For example, in verses 2-3 it states: “Now behold, if anyone among you becomes unclean because of a nocturnal emission, then he shall go outside the camp; he shall not come inside the camp…” This means that if someone had an accident while sleeping (because they were drunk or otherwise), they would be forced to sleep outside their tent. And that only happens if you’re male! There are no such rules for women in Leviticus 23:15-18 where it talks about people who have their period and can’t go into their tents during ceremonies.

However, why does this law exist at all? Why does God care so much about something as minor as having an accident while sleeping? Because He cares about everything! He wants us healthy and whole before Him so we can worship Him the way He intended us too when He created humanity on earth originally based on His design plans found only within His Word – The Holy Bible itself being first among those great works accomplished by its Author’s hand alone without assistance from anyone else whatsoever (Psalm 119:89). In other words: If you’re going through some type of hardship right now then don’t worry too much because there are others who’ve been through worse things than yours before coming out stronger than ever!

Leviticus 25

Leviticus 25:1-2 reads:

‘The LORD said to Moses on Mount Sinai, “Speak to the Israelites and say to them: When you enter the land I am giving you, the land itself must observe a sabbath to the LORD. For six years sow your fields, and for six years prune your vineyards and gather their crops. But in the seventh year let it rest—that is, let it lie unplowed and unused. Then all its produce shall be considered holy—a sabbath from God’s own work.”

Leviticus 25:10 reads:

and on the Sabbath day he rested from all his work of creation.’

Leviticus 26

Leviticus 26 is a chapter of the Bible that includes numerous commandments for the Israelites to follow. The following are some of the more important ones:

  • You may not eat meat torn apart by wild animals. (26:26)
  • You are not allowed to cut your hair on the sides of your head, or trim it in any way. (26:5)
  • You may not cut marks into your skin or tattoo yourself. (26:1)

Leviticus 27

Leviticus 27:30

“And all the tithe of the land, whether of the seed of the land or of the fruit of the tree, is the Lord’s; it is holy to the Lord.“ Leviticus 27:1-8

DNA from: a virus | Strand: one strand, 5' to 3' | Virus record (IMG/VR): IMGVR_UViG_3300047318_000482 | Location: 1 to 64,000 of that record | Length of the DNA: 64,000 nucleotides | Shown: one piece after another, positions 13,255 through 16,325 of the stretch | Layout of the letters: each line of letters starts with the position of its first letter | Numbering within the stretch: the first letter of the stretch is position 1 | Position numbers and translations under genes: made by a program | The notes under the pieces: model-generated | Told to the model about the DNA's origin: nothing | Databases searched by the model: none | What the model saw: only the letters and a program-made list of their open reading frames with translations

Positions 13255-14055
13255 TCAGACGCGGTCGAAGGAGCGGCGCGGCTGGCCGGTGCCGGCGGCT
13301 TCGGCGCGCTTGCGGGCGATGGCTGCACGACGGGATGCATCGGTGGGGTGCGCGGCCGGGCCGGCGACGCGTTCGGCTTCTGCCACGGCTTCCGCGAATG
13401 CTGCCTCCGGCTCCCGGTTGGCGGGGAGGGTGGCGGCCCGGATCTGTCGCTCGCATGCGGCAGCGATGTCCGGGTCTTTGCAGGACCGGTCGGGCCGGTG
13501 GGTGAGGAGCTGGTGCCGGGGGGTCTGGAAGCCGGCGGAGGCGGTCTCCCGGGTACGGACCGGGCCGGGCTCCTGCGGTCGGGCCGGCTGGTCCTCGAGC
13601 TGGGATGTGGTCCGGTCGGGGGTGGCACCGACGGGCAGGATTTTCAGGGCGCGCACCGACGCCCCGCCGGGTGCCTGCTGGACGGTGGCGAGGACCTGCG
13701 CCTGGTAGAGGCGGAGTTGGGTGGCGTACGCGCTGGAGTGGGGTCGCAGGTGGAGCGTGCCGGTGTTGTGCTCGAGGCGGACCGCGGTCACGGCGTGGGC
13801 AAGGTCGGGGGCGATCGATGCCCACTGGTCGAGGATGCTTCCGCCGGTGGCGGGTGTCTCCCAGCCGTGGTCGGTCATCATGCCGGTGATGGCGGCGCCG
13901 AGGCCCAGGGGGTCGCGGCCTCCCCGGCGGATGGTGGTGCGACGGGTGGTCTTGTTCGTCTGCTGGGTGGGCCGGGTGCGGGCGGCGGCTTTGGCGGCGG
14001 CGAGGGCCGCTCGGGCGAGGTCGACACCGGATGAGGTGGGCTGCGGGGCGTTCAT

“If a man makes a vow to the Lord or takes an oath binding himself by some agreement, he must not break his word but must do everything that he has said. When men make such a vow they are putting themselves under obligation before their own eyes, choosing rather to give something than to suffer loss through breaking their word. If anyone says “Amen” as an affirmation when making this kind of promise and then adds “so be it” (used in solemn wordings), he shall fulfill what was spoken by him with no need for further action on his part.” Leviticus 27:9-13

“If someone borrows money from you and pledges security against any property belonging to you which has been sold but not yet delivered by you, if you hear that your neighbor plans on redeeming it from you prior to its arrival back into your possession (outstanding loans may sometimes be redeemed prior), then let what has been sold stay with its owner until we meet again at our next scheduled assembly; thus will both parties come away satisfied. In every case where two people claim ownership over something because one had made use of some item without first asking permission from its rightful owner(s): The person who uses one thing without first gaining permission from another who owns it should pay compensation equal in value with whatever benefit they received while using said item(s). “It will be up to each person involved whether they want monetary restitution paid out immediately during those proceedings or wait until after all necessary paperwork has been completed before receiving payment so long as there is no disagreement between them about how much money would be appropriate compensation.” Leviticus 27:16-18

The Bible can be weird.

The Bible is a book of amazing stories, wisdom, and guidance. It’s also an incredibly strange book that was written thousands of years ago. Leviticus is one such weird part of the Bible—but it’s also important to understand if we want to know what God thinks about our bodies and sexuality.

How long ago did Leviticus get written? The traditional dating puts Joshua writing around 1400 BC (about 3500 years ago). But some scholars say it was written much later than this.

Who wrote Leviticus? Scholars don’t know for sure who wrote it or where they lived at the time. We do know it was most likely written by Moses before his death in 1350 BC in Egypt which would make sense because he lived there for 40 years after leaving Israel with his brother Aaron as slaves before being called by God back home as leader over His people at Mount Sinai/Horeb where Moses received commandments from God through burning bush on 15th day 16th month 17th year after Exodus